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Among expected picks, `District 9′ still surprises
NEW YORK ñ In an Oscar year defined by inclusion, fewer movie folks than normal spent nominations morning feeling snubbed.
With the field of best picture nominees doubling from five to 10, there were more celebrations Tuesday and still some surprises:
“DISTRICT 9” INVADES: Yes, the relatively low-budget South African science-fiction hit was in the Oscar buzz. But no film benefited more from the expansion of best picture nominees, and it’s still surprising to hear it announced alongside movies such as “Up in the Air” and “The Hurt Locker.” Science-fiction is among the rarest of genres to cross that threshold, with only “Star Wars” and “E.T.: The Extra-Terrestrial” (and now “Avatar”) previously getting best picture noms. “District 9” earned four nominations in all, including editing, visual effects and best adapted screenplay.
COENS RETURN: Ethan and Joel Coen are back at the Oscars. Their “A Serious Man” earned mostly high praise, but had floated on the edge of predictions through awards season. For a film from heavyweight filmmakers, it has been a distinct underdog. But two years after they took home best picture and best director for “No Country for Old Men,” the Coens are again up for best picture and best original screenplay.
COMEDY LOSES OUT, AGAIN: The best picture expansion didn’t help comedy. Sure, there are comedic qualities to movies such as “Inglourious Basterds,” “Up” and “A Serious Man,” but out-an-out comedies like “The Hangover,” “(500) Days of Summer” and “It’s Complicated” all came away empty handed. After a win for best comedy or musical at the Golden Globes, some had thought “The Hangover” ó one of the most crowd-pleasing films of the year ó would squeak into the top 10. But after the nominees were read, “(500) Days of Summer” didn’t even get the best original screenplay nomination that many had predicted. One comedy, a dark one, did earn a surprising nomination for best adapted screenplay: “In the Loop.”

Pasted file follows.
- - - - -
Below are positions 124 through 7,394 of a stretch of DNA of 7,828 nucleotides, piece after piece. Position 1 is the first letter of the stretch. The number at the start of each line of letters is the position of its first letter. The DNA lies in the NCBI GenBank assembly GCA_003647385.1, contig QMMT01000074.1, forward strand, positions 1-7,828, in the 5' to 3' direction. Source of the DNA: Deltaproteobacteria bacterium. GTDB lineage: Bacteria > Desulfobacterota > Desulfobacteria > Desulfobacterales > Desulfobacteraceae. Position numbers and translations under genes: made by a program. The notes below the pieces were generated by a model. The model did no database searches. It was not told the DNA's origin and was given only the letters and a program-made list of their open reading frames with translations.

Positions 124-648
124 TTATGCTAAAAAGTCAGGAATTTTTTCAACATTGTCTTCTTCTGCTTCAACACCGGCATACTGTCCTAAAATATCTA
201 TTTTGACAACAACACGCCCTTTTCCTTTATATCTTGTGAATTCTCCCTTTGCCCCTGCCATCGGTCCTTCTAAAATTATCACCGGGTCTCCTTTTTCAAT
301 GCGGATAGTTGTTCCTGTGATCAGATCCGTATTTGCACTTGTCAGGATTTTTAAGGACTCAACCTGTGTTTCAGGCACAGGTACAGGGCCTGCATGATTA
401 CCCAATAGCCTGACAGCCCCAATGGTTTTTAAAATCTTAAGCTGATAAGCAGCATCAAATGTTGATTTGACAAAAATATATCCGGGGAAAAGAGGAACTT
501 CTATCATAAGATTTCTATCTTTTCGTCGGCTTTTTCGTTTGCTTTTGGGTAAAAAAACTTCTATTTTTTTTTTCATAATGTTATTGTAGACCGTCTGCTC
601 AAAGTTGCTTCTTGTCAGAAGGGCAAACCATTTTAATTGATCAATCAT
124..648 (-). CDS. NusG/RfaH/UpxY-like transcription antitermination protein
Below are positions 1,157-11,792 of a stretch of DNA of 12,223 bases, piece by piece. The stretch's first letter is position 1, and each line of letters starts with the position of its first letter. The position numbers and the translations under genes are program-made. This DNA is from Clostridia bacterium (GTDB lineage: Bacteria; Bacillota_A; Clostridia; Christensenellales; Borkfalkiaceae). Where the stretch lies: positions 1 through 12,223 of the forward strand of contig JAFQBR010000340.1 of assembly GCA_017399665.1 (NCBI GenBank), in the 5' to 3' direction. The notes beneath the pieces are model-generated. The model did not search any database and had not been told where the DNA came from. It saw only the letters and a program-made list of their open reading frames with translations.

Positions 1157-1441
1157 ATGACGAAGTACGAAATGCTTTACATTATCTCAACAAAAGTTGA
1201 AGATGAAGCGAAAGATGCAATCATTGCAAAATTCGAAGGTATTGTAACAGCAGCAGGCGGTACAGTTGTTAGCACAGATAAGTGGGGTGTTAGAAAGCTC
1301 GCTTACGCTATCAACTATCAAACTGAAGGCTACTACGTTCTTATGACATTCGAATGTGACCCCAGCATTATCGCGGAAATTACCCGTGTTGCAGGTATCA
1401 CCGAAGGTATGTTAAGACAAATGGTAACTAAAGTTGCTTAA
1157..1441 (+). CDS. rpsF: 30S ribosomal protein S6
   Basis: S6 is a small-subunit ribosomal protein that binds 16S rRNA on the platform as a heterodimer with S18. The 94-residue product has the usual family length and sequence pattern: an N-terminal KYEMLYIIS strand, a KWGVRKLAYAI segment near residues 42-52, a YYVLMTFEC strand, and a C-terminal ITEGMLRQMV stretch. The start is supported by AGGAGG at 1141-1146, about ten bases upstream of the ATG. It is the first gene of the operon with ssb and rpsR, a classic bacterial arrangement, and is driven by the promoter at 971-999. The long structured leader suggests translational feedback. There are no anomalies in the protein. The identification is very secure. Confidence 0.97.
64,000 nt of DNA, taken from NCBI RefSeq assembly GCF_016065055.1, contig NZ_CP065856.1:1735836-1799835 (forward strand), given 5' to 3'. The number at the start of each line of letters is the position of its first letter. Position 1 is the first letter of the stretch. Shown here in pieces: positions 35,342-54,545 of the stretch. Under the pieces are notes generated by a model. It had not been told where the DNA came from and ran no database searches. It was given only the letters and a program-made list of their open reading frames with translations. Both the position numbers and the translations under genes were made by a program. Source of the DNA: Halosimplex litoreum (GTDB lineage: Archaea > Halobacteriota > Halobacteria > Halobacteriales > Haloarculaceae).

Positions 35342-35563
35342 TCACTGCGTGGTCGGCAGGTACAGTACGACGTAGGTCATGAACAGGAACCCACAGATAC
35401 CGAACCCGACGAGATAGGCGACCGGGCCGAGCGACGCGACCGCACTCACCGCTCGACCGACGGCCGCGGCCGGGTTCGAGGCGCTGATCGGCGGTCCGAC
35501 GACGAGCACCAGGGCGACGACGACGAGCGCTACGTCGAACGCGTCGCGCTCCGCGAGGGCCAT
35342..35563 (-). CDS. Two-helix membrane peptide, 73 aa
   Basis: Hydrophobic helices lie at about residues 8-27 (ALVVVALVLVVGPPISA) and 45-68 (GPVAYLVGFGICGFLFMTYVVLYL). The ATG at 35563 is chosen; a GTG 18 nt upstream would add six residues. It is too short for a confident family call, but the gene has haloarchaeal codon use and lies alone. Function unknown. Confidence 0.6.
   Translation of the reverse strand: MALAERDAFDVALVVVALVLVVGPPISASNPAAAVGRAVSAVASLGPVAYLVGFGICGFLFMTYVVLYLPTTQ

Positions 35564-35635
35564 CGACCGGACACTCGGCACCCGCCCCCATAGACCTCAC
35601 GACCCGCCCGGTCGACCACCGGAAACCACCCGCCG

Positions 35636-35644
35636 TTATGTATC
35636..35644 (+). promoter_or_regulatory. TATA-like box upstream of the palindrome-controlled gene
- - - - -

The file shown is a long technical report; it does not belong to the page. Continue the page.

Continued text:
SUPPORTING ACTRESS SWAP: While Jeff Bridges’ performance in “Crazy Heart” has been roundly hailed and is generally viewed as the favorite for best actor, co-star Maggie Gyllenhaal has gone mostly under the radar. Tuesday, she was nominated for best supporting actress ó her first Oscar nomination.
MUSICAL CHAIRS: A few of the most interesting choices were hidden away in music categories. Wes Anderson’s “Fantastic Mr. Fox” was, as expected, nominated for best animated film (a category that included the shocker of “The Secret of Kells”). But Alexandre Desplat’s playful original score also earned a nomination. In best song, “Loin de Paname” from the somewhat unheralded French film “Paris 36” was nominated. Another foreign film also sneaked into the best makeup category. The terrifically stylish and underrated “Il Divo” will compete in the three-film field with “Star Trek” and “The Young Victoria.”